Why demons?

I’ve just published a new set of printable paper miniatures depicting demons, which folks can use in tabletop RPGs like Dungeons & Dragons or Pathfinder. (There’s also a set of tokens here, using the same images.)

Some people might wonder why I would want to use demons in my games or why I would want to include them in a product, especially since I’m a Christian from an evangelical background. Some folks have had concerned that the inclusion of imaginary demons in games like D&D opened players up to influence from real life evil spirits. For a while, D&D‘s publishers started calling them Tanar’ri, in order to avoid this stigma.

One of the reasons I don’t have a problem with demons (and other evil creatures) being included in these games is because I think they can be a useful way of depicting human evil. Even in real world scripture, I think that evil spirits are often being used symbolically to talk about social evils.

In the regular game I’ve been running on Thursday nights (we’ve been using the D&D book Out of the Abyss) the party has gradually become aware that the subterranean world of the Underdark is being influenced by Demogorgon, the two-headed prince of demons. In the lore of D&D, the two heads of Demogorgon are divided, constantly scheming against each other, and this is also the nature of the madness he spreads. In two settlements the adventurers have visited, this madness has taken the form of greed, division and paranoia.

The town of Sloobludopp had been divided between two religious sects, led by warring relatives, as though the community had two heads attacking the one body. In this situation, the party ended up siding with one of the ‘heads’ and when the two factions came to blows, their violence summoned the Demogorgon to the town to destroy it.

More recently, the part has been exploring the dwarven city of Gracklestugh, which appears to be afflicted by a similar madness. However, this time they’ve noticed how the madness of Demogorgon is pulling the city apart, and they’ve been looking for a way to unify the city and bring festering, hidden conflicts into the open.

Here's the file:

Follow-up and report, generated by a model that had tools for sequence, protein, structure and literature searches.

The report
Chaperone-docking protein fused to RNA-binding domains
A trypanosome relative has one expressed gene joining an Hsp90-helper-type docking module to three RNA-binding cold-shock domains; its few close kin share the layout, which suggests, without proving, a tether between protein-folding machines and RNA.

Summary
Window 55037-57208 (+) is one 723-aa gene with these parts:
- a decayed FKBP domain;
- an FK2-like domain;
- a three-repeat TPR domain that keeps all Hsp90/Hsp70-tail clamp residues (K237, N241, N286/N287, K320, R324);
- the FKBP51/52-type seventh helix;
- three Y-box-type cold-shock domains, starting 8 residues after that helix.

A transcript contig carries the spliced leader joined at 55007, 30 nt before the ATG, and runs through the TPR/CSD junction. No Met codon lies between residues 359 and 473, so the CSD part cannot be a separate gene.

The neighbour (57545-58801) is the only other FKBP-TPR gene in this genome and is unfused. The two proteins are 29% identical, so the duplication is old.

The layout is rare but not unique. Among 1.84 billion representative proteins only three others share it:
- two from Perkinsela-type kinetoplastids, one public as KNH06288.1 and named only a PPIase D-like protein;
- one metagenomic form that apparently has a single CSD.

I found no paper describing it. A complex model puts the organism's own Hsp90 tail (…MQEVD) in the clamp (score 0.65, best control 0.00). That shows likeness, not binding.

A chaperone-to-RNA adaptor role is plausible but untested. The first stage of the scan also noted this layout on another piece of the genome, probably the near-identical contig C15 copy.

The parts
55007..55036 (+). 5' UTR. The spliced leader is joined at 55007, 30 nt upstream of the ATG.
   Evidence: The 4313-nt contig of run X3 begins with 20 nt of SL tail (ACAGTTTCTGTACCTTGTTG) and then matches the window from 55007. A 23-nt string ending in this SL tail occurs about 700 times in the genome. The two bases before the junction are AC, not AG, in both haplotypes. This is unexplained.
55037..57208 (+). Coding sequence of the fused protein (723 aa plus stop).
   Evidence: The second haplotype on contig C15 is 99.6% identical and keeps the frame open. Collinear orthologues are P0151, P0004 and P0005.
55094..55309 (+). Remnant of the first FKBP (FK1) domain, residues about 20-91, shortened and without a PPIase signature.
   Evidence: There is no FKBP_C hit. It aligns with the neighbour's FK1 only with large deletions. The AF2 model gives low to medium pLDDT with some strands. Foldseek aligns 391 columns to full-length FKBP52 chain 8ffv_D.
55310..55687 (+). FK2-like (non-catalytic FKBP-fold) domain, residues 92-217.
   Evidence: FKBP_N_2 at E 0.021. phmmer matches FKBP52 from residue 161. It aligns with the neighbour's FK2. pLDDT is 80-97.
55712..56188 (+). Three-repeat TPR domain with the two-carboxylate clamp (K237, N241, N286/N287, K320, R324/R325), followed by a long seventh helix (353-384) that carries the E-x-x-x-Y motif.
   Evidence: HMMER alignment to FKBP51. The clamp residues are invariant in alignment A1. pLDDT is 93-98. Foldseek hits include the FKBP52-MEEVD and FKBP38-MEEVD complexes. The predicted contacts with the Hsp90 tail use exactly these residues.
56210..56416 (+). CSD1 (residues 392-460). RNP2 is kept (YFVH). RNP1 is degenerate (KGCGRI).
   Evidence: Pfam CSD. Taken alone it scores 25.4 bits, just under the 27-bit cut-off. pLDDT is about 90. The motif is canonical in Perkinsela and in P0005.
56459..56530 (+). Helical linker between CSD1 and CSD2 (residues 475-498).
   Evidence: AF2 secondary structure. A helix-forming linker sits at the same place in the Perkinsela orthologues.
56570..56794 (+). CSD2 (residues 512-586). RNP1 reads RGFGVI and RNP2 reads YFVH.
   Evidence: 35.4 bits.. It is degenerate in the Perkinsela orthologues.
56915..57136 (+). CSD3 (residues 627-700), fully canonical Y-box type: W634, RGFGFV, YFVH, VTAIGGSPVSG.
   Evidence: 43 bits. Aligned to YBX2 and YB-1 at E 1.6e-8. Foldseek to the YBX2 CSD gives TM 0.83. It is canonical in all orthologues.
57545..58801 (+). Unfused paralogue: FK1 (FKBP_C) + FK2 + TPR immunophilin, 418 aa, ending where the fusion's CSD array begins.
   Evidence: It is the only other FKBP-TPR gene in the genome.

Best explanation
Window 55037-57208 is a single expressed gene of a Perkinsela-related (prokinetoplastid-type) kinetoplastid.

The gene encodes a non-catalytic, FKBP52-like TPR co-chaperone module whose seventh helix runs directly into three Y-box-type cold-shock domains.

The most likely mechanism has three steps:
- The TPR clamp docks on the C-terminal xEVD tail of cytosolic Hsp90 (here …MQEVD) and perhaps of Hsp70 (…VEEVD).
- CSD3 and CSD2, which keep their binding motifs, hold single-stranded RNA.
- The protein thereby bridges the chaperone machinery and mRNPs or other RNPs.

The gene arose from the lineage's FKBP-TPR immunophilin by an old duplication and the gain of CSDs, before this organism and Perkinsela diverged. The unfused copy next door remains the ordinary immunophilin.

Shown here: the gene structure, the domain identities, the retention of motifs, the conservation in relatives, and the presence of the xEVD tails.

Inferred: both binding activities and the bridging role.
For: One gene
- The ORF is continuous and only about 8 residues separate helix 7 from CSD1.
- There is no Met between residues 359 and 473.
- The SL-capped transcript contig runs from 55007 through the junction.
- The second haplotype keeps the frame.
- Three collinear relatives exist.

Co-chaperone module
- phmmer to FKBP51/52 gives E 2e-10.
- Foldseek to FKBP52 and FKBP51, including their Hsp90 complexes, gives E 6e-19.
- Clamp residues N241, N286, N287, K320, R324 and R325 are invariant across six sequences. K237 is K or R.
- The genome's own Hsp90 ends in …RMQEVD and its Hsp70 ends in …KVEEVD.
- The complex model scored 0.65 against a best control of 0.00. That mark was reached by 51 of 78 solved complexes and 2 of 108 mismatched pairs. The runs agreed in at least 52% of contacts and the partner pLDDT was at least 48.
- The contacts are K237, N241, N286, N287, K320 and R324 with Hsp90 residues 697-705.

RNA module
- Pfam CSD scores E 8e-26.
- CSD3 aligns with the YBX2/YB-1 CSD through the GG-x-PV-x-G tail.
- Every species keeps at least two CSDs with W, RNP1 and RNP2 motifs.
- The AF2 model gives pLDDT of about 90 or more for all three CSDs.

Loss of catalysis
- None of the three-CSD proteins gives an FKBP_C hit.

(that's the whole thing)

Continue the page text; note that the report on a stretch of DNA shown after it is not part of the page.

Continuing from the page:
This is all very simple to talk about in a game, but it’s not hard to see that these are dynamics that impact on our real world. It seems like our societies are becoming increasingly selfish, fractured and paranoid. I think these stories can call us to live generously and to find ways to reach out to ideological enemies in the midst of real and serious conflict.

Subterranean fey and paranoia

On Sundays I’ve normally been posting some illustrations that can be used in tabletop roleplayng games like Dungeons & Dragons. Last week I asked what kind of fey creatures folks would like me to draw, and subterranean fey were chosen. So here are a couple of subterranean fey.

A korred:


A meenlock:


While I was drawing these, I was most interested by the meenlock. I hadn’t taken a lot of interest in them before, but I had a bit of a read about them in the original Fiend Folio and the more recent Volo’s Guide to Monsters. Meenlocks have an ability to promote paranoia in other creatures, by overwhelming them with fearful messages, to the point where they are actually transformed into meenlocks themselves.

This description reminded me of an experience I had on Facebook earlier in the year. I made a fake alt right profile for myself and joined some alt right groups. I started adding people I found in those groups as friends on this fake account. I found that my newsfeed was pretty quickly filled with vary fearful content (a lot of which seemed like fake news) and it was pretty easy to get sucked in and overwhelmed by the fearful messages. (I’m pretty sure I could have a similar experience if I made a fake extreme left account.) That experience called me to question the impact that my Facebook use was having on my mindset and curb my use.

Don’t carry them around in your head!

I carry people around in my head.
What do I mean by that?
I often carry conflict around with me. If I’m in conflict with someone it will often be on my mind. If it’s someone who’s a close friend or someone I need to be able to work with I’ll sometimes carry them around in my head all the time. When that happens I tend to end up overwhelmed by the conflict. Sometimes I end up feeling like the person I’m carrying around in my head knows and has actually intended this. The odds are that the person I’m carrying around in my head has no idea.
I became aware of this the other day when Mehrin said to me, ‘You don’t need to carry them around in your head!’

I don’t need to carry people around in my head. They don’t need me to carry them either.